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Completely thrust the abomination of Ang Lee’s 2003 Hulk film from your mind, and if you aren’t able to, viewing Louis Leterrier’s 2008 version of The Incredible Hulk will certainly do it for you. Whether or not you are teetering on the ragged edge if this film inherits anything from its predecessor, be rest assured that this cinematic version of the Hulk character is infinitely better in every way. Fans of the comic book and TV show will be instantly drawn in to a modern, faithful telling of the superhero and his origins complete with nods, nostalgia, and a sad piano number.

The movie does right by not changing the origins of The Incredible Hulk too much, even going so far as to replicate scenes from the TV show, including the chair Bruce Banner (Edward Norton) experiences his accident in, and the film doesn’t spend more than a credit montage summing it all up. Unlike Iron Man, who isn’t instantly known to the common graphic novel aficionado, The Hulk is immediately identifiable and many know about the character, because you “wouldn’t like him when he’s angry.”

What the film does well is present itself as both a serious take on the character, but not brooding and emo like Lee’s version and Eric Bana’s portrayal of the titular character. Lee’s vision loved the change, whereas Norton’s wants to be rid of the green menace once and for all, to return to the love of his life Betty Ross (Liv Tyler) and return to a normal life. The film is a true reboot, maybe one of the quickest in modern times, or ever, for a series left languishing in obscurity by fans and novices alike. Here the Hulk is a more realistic nine foot, muscular beast, and while the CGI is a bit loose at times, the film is never hampered by this.


The nods for fans are frequent including the aforementioned sad piano theme from the TV show (which Marvel went out and purchased the rights for), there’s references to Bill Bixby, an appearance by Lou Ferrigno (who also provides the voice of The Hulk), hitchhiking, and the world’s worst secret cameo, Tony Stark talking about a team he’s putting together. Even future villains are set up providing enough material for a trilogy of movies, perhaps culminating in an Avengers super movie?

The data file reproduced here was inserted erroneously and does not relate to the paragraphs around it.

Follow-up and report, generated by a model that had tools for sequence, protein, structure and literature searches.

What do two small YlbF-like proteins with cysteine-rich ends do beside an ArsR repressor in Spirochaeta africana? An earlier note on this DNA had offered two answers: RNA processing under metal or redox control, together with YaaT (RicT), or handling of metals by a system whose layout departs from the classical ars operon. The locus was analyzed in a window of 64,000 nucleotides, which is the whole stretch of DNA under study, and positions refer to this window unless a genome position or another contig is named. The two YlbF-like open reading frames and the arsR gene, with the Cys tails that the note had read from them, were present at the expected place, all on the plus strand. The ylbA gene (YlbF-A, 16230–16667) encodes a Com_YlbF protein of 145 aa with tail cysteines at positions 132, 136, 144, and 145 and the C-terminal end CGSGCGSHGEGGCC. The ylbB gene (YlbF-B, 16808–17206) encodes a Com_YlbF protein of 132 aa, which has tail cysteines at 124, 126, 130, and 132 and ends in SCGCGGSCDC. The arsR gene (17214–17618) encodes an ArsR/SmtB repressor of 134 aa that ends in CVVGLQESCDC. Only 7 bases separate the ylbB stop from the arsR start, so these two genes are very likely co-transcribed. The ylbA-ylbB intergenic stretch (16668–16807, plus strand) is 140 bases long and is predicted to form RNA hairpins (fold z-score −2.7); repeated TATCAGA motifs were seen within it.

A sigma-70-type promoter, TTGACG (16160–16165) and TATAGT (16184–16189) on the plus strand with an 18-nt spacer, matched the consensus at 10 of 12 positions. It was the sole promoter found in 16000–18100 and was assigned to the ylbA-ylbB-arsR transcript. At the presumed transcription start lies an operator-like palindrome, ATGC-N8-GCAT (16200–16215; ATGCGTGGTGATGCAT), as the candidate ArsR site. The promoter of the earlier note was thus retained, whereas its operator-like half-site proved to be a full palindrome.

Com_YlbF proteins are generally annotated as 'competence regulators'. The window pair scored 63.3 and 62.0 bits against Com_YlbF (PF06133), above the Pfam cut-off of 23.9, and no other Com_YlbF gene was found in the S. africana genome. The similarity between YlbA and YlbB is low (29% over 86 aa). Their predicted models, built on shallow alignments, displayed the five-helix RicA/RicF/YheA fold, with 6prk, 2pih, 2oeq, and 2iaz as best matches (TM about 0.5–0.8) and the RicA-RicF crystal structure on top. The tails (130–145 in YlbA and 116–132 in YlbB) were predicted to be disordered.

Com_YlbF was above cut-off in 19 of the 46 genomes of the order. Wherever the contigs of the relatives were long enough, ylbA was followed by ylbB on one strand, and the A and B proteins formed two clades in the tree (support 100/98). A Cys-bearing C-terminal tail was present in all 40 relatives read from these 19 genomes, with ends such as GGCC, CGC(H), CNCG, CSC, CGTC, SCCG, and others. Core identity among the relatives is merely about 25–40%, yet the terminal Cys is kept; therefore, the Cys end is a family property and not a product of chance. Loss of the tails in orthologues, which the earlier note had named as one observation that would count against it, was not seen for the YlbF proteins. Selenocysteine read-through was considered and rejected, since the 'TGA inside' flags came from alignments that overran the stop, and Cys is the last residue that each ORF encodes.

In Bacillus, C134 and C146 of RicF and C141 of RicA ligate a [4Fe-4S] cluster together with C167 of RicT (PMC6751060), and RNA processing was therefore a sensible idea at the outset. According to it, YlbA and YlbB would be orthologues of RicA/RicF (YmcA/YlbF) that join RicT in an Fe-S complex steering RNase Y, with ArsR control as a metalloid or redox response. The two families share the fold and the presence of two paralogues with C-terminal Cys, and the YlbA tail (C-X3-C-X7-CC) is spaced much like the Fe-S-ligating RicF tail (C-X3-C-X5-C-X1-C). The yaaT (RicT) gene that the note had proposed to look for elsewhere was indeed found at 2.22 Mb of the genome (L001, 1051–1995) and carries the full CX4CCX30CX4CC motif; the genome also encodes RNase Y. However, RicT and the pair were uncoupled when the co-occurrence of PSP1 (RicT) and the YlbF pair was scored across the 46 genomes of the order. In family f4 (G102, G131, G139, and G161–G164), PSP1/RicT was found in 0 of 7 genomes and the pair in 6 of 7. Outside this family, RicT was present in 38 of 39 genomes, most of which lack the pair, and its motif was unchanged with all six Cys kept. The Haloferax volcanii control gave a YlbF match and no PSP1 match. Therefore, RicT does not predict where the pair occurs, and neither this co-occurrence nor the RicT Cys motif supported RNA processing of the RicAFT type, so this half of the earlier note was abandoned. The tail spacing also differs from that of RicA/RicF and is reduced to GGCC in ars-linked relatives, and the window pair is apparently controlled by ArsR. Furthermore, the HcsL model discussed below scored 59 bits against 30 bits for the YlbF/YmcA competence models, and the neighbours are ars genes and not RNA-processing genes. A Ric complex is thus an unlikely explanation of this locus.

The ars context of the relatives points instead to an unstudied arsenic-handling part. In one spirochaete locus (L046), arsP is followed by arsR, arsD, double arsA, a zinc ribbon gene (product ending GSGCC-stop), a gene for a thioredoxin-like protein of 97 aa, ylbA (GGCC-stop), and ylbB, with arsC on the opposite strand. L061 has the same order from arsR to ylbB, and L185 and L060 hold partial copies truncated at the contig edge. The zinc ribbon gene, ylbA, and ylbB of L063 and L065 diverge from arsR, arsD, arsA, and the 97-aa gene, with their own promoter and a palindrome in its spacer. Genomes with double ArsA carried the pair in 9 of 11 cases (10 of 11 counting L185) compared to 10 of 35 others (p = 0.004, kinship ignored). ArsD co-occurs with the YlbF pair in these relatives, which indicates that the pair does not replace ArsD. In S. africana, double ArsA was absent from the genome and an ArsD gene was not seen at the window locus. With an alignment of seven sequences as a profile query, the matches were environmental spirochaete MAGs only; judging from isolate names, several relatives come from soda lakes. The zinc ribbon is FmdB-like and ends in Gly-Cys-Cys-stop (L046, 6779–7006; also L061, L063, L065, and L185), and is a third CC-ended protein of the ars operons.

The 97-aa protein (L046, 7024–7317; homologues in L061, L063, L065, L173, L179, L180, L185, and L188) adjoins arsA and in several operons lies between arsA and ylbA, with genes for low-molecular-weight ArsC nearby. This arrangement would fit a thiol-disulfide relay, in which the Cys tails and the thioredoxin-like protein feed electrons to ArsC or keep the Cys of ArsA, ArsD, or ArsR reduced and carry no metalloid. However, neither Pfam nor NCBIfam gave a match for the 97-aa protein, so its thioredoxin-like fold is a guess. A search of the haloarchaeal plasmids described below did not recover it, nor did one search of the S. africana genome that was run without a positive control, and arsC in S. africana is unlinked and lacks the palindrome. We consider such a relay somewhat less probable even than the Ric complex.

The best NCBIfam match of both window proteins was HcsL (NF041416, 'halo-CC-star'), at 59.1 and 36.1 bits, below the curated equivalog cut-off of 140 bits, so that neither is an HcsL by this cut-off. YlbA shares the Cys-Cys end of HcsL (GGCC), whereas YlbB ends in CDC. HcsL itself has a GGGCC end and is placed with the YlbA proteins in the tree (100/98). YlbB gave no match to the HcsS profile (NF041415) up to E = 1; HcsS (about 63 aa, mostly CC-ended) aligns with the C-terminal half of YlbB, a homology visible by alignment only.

The story itself is lean and mean, after some initial setup in Central America, where Banner has retreated to escape General Ross (William Hurt), we’re taken directly into the action as Ross enlists Emil Blonsky (the ever capable Tim Roth) and eventually once again begins super soldier experimentation eventually culminating in the creation of Abomination and the film’s one-two punch of a climax.


The Incredible Hulk isn’t a perfect movie, and stands in the shadow clearly cast by the release of Iron Man and the looming of The Dark Knight, but as a series reboot with a clear direction and influence from the source material that made the character famous in the first place, the direction of the film couldn’t be more true than it is and it couldn’t be any more entertaining in the popcorn summer season.

Ang Lee’s The Hulk has to be the most stylish film based off of a comic book. Where Blade went balls out to create the perfect transition, X-Men touched on some origin and gave fans what they wanted, and where Spider-Man delivered the first of many chapters based on the amazing character, The Hulk has the style and story to make it the most memorable of all the comic transitions.

The Hulk tells the story of Bruce Banner (Eric Bana) and his alter-ego The Incredible Hulk. After Bruce’s father, David, experiments on himself with his genetic research focusing on regeneration and such, he impregnates his wife with Bruce and fears that he may have passed certain elements of that research on to his son. Bruce only shows certain signs of this genetic manipulation until a lab accident exposes him to a high level of gamma radiation which unleashes the Hulk inside.